President Barack Obama will announce the biggest enhancement in military ties with Australia since the 1980s during his visit to the nation this week, Defense Minister Stephen Smith said.
Increasing military training and U.S. access to Australian bases will be part of an agreement the nations have been working on for more than ayear, Smith said in a Bloomberg television interview late yesterday in Canberra.
At stake for Australia is anchoring an American presence in the western Pacific that can help safeguard sea lanes that host more than $5 trillion of trade. Smith said the deepening security ties aren’t aimed at “one particular country,” underscoring his nation’s goal of avoiding any split with China, its top export destination.
“Australia takes the view that U.S. engagement in the Asia Pacific has been a most significant cause of peace and stability and prosperity in our region since the end of World War II,” Smith said. “We want to see that continue.”
Obama, who arrives in Canberra today in what will be his first visit to Australia as president, is increasing the U.S.’s economic and military focus on the Asia-Pacific region as it withdraws from wars in the Mideast. He will hold a press conference with Prime Minister Julia Gillardmarking the 60th anniversary of the U.S.-Australia military alliance and address the nation’s parliament tomorrow.
Enhancing arrangements with the U.S. “will be in my view the single biggest practical cooperative change or addition that we’ve made to the alliance relationship since we agreed on the joint facilities process in the 1980s,” said Smith, 55.
The “obvious and best example” of such a joint facility is the Pine Gap site in central Australia, Smith said, referring to the base which helps detect missile launches around the world.
There is “no proposal to have United States bases” in Australia, said Smith, who has held the defense minister’s post since September 2010 after serving almost three years as foreign minister.
The White House has declined to release details of any military announcement ahead of Obama’s visit.
The cooperation may involve an increased U.S. presence at a number of military sites, including the HMAS Stirling naval base south of Perth, an army base in Townsville in the nation’s northeast and a port at Darwin on the Timor Sea, Ernest Bower, director of the Southeast Asia program at the Center for Strategic and International Studies in Washington who has been briefed by the administration on the discussions, said last week.
“The administration clearly wants to assure the region that we are this resident Pacific power for the long term,” said Patrick Cronin, senior director of the Asia-Pacific Security Program at the Center for New American Security, a policy institute in Washington. “Throughout the region there is uncertainty how China will use its growing and newfound military power.”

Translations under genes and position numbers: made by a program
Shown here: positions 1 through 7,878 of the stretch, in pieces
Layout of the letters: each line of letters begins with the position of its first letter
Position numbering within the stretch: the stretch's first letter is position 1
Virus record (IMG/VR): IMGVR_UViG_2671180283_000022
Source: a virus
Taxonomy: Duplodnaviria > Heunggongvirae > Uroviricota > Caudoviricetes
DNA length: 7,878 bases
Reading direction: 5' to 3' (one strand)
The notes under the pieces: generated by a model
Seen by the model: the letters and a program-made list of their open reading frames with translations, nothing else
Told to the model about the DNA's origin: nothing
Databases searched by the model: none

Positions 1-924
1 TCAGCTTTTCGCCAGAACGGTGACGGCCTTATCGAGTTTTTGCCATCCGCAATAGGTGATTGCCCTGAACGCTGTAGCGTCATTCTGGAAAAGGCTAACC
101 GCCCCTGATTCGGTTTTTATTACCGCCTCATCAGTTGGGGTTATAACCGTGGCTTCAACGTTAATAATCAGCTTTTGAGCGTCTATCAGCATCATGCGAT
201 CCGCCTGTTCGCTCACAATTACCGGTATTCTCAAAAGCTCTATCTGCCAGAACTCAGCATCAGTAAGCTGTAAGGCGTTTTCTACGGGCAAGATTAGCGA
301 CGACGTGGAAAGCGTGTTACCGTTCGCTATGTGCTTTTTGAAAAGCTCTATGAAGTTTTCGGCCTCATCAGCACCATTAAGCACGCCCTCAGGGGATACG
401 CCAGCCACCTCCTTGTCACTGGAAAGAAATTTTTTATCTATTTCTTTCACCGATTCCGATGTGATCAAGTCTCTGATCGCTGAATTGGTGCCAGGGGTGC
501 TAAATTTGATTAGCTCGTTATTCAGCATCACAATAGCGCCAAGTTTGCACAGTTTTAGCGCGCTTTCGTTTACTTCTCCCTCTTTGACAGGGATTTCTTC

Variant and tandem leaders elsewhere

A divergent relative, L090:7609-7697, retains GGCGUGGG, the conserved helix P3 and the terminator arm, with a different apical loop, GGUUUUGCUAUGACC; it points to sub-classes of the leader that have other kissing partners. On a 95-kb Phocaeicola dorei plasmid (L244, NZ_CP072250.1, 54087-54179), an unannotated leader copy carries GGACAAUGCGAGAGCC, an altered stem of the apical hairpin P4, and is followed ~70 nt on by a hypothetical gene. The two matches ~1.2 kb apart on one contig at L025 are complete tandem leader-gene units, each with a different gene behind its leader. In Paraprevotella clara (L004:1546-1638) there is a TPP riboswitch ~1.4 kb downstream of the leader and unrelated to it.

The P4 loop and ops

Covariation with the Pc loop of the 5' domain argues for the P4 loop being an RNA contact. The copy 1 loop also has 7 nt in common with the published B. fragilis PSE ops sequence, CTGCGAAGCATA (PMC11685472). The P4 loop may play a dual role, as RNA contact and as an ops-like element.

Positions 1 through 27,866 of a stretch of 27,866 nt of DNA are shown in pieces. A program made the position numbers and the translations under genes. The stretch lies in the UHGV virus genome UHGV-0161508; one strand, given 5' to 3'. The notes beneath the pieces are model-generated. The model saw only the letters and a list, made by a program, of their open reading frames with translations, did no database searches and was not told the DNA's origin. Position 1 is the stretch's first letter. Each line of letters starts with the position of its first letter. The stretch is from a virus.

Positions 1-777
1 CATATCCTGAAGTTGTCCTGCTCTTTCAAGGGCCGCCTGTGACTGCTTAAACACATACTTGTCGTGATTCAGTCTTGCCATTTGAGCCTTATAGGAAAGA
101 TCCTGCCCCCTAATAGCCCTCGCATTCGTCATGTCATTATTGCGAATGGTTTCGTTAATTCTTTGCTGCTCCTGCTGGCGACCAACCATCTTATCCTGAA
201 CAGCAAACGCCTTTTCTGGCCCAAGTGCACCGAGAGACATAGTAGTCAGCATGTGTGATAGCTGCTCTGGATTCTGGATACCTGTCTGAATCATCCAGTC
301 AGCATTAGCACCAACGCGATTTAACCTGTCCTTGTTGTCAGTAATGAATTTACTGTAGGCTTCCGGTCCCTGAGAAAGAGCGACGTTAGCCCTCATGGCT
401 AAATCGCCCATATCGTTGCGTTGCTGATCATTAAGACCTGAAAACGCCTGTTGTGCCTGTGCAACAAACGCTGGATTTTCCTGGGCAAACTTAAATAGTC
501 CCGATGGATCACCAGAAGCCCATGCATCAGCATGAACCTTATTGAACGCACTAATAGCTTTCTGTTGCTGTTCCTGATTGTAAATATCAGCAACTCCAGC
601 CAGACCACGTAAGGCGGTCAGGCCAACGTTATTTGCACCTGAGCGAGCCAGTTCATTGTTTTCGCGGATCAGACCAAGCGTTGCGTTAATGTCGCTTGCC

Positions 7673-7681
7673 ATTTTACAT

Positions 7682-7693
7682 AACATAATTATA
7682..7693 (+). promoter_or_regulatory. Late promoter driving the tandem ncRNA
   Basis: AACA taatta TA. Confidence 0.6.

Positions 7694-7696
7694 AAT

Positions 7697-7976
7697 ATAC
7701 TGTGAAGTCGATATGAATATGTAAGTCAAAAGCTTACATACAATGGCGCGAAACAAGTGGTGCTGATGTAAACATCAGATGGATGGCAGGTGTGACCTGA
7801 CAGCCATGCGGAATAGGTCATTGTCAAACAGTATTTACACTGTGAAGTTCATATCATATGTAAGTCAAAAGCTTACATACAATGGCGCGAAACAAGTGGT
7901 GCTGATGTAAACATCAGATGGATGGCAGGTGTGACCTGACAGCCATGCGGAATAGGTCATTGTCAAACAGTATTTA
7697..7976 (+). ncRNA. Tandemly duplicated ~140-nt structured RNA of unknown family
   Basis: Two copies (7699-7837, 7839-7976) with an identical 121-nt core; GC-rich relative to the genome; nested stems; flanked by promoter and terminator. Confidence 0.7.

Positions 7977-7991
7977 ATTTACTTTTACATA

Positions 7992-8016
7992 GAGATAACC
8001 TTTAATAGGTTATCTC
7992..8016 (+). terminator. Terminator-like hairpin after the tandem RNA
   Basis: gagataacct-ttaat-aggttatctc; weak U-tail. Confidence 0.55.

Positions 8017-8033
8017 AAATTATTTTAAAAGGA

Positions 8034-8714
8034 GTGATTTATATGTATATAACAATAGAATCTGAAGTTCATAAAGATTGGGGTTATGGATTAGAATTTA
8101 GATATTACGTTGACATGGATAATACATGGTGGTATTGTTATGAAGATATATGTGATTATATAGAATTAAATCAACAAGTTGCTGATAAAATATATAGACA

Smith said the rise of China has led some to think “the U.S. is magically disappearing.”
“Well it’s not,” he said. “The U.S. has made it crystal clear that it will continue its presence in the Asia Pacific.”
The Australian visit is part of a nine-day trip that included the Asia-Pacific Economic Cooperation summit in Honolulu and will end in Indonesia at the East Asia Summit.
Before leaving for Bali tomorrow, Obama will be the first U.S. president to visit the northern city of Darwin, which was attacked by the Japanese during World War II and symbolizes the historic U.S.-Australian alliance.
The 1942 air raids killed at least 243 people and were planned and led by the commander responsible for the assault on Pearl Harbor 10 weeks earlier, according to the National Archives of Australia. Among the ships sunk in Darwin harbor was the USS Peary, a navy destroyer that was refueling, according to the US Navy.
The president will use tomorrow’s address to parliament as the “anchor speech” of his Asia-Pacific trip, said White House Deputy National Security Adviser Ben Rhodes. Obama will discuss how the U.S. is pivoting to put more military and economic resources toward the region as it ends wars in Iraq and Afghanistan, he said.
'No Better Ally'
The U.S. “really has no better ally than Australia” on a range of military, nuclear security and economic issues, Rhodes said.
The nation, which served alongside the U.S. in the Korean, Vietnam, Iraq and Afghanistan wars, is a buyer of American military equipment, approving an initial purchase of 14 Lockheed Martin Corp. (LMT) F-35 Joint Strike Fighter aircraft at an estimated cost of A$3.2 billion.
Still, China’s demand for natural resources, led by iron ore and coal, has made the nation Australia’s largest trading partner and fueled a record mining boom, much of it concentrated in the north of the country.
“It’s possible for Australia to have an alliance relationship with the U.S. and a comprehensive bilateral relationship with China,” said Smith, a federal lawmaker representing voters in Perth, where he has been the member since 1993. “This is not a zero sum game.”